# tensor product of modules of Lie algebras

Let $\mathfrak{g}$ be a semisimple Lie algebra and $M, N$ be two modules of $\mathfrak{g}$. Is it true that $M \otimes N \cong N \otimes M$? If $\mathfrak{g}$ is replaced by other algebras, $M \otimes N \cong N \otimes M$ is also true? What conditions do we need in order to have $M \otimes N \cong N \otimes M$? Thank you very much.

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Yes. The isomorphism is the obvious one. This generalizes to all Lie algebras. Have you tried verifying it? – Qiaochu Yuan Aug 15 '11 at 21:06
Do you remember how a Lie algebra acts on a tensor product? Look it up! – Jyrki Lahtonen Aug 15 '11 at 21:10

There are two things going on here. The first is that you are taking the tensor product of two vector spaces. The second is that you have Lie algebra structures.

For any two vector spaces, we have an isomorphism $V\otimes W \to W\otimes V$ given by $v\otimes w \mapsto w\otimes v$. We can easily get that this exists and is an isomorphism by using the universal property: a bilinear map from $V\times W$ is easily turned into a binlinear map from $W\times V$ by defining $\widetilde{f}(w,v)=f(v,w)$. If you have not seen this before, you should try to work out the details.

The issue that remains is whether this isomorphism of vector spaces is compatible with the Lie algebra structure. Let $\tau(v\otimes w)=w\otimes v$. Then we must show that for each $g\in \mathfrak g$, $\tau(g.v\otimes w)=g.\tau(v\otimes w)$. Note that by linearity, it suffices to check the statement on simple tensors. This is a straightforward calculation, using only the definition of the $\mathfrak g$-module structure on the tensor product.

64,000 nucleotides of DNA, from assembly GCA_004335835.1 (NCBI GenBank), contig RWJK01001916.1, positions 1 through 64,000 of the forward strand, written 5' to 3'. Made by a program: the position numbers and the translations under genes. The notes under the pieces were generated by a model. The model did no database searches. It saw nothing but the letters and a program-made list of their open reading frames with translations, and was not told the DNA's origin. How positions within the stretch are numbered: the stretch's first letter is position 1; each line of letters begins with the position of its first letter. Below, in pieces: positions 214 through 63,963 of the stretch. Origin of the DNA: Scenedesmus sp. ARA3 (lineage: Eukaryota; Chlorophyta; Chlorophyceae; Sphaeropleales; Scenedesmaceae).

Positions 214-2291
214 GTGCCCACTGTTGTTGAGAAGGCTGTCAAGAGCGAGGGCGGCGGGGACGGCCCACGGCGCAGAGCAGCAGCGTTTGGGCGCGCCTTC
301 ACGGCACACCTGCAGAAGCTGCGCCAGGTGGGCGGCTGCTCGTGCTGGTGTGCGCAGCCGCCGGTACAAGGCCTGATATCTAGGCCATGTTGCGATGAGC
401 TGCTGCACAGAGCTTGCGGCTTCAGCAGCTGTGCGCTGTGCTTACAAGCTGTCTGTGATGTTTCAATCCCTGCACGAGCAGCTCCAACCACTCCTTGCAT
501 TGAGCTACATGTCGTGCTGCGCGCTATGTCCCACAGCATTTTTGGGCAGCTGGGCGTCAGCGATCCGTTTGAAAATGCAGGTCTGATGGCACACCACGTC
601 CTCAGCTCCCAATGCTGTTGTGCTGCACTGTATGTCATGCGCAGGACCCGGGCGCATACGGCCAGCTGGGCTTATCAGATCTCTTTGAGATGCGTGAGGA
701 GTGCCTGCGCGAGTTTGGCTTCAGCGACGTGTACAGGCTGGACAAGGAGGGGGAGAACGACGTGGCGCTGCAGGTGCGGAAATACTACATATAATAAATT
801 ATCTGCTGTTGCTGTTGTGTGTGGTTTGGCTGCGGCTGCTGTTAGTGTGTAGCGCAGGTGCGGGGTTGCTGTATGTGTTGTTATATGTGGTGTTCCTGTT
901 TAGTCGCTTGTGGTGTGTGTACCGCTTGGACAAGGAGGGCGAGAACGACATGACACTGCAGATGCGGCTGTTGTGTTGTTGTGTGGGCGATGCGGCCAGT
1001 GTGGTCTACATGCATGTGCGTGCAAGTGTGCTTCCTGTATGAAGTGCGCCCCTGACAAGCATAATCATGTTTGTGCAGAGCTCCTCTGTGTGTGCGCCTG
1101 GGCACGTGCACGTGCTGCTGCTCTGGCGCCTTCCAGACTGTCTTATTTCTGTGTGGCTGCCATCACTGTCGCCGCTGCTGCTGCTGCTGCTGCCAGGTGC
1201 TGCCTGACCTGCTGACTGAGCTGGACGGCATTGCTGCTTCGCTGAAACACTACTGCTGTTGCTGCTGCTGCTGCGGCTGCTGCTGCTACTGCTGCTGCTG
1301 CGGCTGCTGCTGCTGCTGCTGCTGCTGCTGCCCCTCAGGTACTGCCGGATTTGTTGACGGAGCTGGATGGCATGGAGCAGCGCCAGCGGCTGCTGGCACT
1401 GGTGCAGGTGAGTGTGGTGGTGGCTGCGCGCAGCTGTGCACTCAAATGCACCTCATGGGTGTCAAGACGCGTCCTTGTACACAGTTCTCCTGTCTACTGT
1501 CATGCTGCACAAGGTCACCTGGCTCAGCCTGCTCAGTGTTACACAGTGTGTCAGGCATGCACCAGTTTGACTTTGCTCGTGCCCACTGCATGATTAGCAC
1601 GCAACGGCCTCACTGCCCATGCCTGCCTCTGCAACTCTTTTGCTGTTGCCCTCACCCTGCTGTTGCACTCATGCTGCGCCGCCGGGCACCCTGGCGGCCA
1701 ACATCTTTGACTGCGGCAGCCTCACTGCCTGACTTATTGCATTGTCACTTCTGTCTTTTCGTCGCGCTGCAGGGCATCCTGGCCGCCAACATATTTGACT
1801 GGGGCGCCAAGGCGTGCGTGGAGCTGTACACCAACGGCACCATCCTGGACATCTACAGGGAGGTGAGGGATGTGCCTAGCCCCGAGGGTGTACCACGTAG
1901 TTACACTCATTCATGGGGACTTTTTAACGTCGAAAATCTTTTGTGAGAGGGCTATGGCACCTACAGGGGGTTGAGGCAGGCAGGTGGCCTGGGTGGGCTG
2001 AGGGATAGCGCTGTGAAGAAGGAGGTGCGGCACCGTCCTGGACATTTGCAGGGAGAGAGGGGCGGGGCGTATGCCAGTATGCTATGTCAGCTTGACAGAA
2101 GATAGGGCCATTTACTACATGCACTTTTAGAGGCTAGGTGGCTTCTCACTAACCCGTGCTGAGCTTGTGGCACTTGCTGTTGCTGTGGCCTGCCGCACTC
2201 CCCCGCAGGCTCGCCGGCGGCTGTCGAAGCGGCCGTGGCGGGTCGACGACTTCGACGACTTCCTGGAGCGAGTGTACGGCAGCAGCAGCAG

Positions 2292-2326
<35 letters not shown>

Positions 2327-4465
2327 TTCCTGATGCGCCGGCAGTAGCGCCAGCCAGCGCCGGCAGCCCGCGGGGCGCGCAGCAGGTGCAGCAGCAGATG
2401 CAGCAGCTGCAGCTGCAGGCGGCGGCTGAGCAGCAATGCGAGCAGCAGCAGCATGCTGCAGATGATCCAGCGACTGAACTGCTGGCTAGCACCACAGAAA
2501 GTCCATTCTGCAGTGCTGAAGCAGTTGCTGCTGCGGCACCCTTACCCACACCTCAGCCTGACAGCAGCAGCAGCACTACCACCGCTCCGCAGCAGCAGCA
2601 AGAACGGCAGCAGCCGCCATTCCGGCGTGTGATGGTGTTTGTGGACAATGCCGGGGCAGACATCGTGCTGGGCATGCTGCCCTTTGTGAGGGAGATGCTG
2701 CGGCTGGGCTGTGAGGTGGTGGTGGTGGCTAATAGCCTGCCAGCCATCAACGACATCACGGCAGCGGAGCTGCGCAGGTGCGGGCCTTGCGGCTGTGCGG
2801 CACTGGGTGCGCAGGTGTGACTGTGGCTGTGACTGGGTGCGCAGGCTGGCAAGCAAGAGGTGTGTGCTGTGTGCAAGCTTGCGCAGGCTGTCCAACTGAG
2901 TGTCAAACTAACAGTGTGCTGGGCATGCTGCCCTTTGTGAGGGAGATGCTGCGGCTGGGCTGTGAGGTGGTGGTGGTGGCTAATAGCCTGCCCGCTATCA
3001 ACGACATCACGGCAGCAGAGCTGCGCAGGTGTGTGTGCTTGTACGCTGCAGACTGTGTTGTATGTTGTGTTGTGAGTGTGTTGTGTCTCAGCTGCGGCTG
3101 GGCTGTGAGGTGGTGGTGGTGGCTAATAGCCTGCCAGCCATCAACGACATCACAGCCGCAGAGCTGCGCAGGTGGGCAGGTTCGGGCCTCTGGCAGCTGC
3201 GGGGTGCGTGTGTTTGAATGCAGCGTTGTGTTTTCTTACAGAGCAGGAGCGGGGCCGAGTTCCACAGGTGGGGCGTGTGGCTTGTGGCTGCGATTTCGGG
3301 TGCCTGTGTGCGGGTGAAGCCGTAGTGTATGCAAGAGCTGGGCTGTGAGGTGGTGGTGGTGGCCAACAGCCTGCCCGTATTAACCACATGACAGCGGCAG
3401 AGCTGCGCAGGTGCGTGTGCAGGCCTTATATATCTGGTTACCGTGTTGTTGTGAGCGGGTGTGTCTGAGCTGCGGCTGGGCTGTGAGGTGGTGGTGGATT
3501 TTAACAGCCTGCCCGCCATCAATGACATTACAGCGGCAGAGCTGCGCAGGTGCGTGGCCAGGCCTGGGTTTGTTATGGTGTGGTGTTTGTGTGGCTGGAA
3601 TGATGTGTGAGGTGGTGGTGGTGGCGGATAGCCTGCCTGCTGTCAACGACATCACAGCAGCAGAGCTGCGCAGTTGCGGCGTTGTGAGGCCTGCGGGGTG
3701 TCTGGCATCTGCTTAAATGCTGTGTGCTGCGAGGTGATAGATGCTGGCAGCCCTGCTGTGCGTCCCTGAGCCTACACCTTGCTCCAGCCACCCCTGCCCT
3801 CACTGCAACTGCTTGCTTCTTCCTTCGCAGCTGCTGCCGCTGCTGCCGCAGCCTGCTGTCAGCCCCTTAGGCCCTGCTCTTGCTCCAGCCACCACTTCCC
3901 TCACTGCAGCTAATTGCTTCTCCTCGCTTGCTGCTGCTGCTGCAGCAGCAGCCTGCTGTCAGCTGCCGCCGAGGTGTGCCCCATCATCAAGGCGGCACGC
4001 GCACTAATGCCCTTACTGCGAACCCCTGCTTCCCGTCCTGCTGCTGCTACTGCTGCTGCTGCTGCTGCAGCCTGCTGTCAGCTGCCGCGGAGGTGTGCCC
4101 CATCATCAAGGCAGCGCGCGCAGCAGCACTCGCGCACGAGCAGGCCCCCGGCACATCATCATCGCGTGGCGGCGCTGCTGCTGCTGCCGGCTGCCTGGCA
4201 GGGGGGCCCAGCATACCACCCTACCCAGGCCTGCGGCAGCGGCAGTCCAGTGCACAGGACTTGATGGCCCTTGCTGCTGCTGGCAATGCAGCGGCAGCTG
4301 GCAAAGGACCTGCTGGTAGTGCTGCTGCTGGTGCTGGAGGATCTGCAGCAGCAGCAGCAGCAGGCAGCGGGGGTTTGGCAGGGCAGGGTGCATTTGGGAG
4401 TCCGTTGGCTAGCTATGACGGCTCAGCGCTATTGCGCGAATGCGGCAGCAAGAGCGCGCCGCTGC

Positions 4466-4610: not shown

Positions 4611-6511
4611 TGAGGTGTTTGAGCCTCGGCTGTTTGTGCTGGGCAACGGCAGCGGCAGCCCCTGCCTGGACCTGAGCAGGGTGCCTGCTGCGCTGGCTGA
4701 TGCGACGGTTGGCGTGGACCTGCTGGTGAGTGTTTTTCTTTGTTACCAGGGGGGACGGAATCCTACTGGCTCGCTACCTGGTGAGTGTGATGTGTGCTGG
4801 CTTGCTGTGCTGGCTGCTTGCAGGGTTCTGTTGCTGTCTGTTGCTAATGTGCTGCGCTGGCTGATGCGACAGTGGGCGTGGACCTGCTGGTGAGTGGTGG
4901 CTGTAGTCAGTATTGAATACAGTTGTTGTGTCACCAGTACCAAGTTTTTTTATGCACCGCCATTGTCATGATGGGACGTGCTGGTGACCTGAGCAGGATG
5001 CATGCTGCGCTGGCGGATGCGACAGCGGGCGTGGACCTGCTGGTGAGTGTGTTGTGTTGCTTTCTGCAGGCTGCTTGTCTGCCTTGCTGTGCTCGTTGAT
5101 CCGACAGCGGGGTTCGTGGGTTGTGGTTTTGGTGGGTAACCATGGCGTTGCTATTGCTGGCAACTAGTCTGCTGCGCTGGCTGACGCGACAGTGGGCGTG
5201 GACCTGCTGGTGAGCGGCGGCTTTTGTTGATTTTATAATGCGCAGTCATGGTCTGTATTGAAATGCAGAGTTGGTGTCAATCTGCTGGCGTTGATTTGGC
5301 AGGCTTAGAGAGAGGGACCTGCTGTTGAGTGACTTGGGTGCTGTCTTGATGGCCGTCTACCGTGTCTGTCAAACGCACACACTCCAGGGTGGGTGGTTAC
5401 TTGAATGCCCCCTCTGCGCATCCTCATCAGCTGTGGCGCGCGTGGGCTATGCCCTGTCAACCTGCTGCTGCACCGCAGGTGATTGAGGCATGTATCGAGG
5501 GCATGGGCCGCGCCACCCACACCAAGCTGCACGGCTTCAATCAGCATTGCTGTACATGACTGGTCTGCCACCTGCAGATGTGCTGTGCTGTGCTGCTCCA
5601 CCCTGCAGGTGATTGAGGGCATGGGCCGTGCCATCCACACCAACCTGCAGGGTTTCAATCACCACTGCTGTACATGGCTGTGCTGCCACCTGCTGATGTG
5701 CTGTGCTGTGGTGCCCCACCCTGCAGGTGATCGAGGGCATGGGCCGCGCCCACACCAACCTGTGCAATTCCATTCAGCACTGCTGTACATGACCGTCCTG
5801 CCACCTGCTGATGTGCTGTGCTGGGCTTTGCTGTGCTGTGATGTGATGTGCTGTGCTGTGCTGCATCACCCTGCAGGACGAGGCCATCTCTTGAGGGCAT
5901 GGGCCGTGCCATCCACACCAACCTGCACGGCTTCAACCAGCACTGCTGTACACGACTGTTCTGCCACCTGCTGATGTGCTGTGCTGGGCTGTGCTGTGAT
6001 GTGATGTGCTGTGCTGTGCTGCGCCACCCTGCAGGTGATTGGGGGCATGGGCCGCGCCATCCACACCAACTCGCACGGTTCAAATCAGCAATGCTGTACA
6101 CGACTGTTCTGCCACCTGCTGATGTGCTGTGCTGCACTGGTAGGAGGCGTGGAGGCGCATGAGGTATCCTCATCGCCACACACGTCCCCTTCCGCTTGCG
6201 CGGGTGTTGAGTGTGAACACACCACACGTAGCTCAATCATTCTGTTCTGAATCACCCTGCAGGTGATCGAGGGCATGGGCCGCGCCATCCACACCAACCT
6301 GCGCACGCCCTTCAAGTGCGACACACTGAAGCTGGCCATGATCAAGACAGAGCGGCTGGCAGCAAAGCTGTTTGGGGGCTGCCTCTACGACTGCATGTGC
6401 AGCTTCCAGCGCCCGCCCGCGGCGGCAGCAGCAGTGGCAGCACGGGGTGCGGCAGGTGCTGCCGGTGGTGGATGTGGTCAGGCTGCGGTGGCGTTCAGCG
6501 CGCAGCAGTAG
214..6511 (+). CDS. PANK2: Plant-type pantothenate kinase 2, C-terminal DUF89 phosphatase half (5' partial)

More generally, what is going on is that the universal enveloping algebra $\mathcal U\mathfrak g$ is a Hopf algebra with comultiplication $\Delta:\mathcal U\mathfrak g\to \mathcal U\mathfrak g\otimes \mathcal U\mathfrak g$ defined on generators by the formula $\Delta(g)=g\otimes 1 + 1 \otimes g$ and extended by the condition that $\Delta$ is a map of algebras (exercise: verify that this map is well defined).

The Hopf algebra structure is what allows us to define an action on $V\otimes W$. Because a $\mathfrak g$-module is the same thing as a $\mathcal U\mathfrak g$-module, $V\otimes W$ is a priori only a module over $\mathcal U\mathfrak g\otimes \mathcal U\mathfrak g$. To get the structure of a $\mathcal U\mathfrak g$-module, we must pull back along $\Delta$. The module structure comes from the composite $$\mathcal U\mathfrak g\to \mathcal U\mathfrak g\otimes \mathcal U\mathfrak g \to \operatorname{End}(V)\otimes \operatorname{End}(W) \to \operatorname{End}(V\otimes W).$$

where all the maps are maps of algebras. The fact that $\tau$ is a map of $\mathfrak g$-modules comes from the easy to verify fact that $\tau \Delta = \Delta \tau$ (where $\tau$ in this context is the swapping map on $\mathcal U\mathfrak g \otimes \mathcal U\mathfrak g$).

In general, the category of modules over a cocommutative Hopf algebra, or comodules over a commutative Hopf algebra will have a commutative tensor product induced from the tensor product of vector spaces. More generally, one can study quantum groups, where the commutivity or cocommutivity is weakened so that instead of the category of representations being symmetric monoidal, it is braided monoidal. In this way, understanding quantum groups allows one to better understand representations of the braid group.

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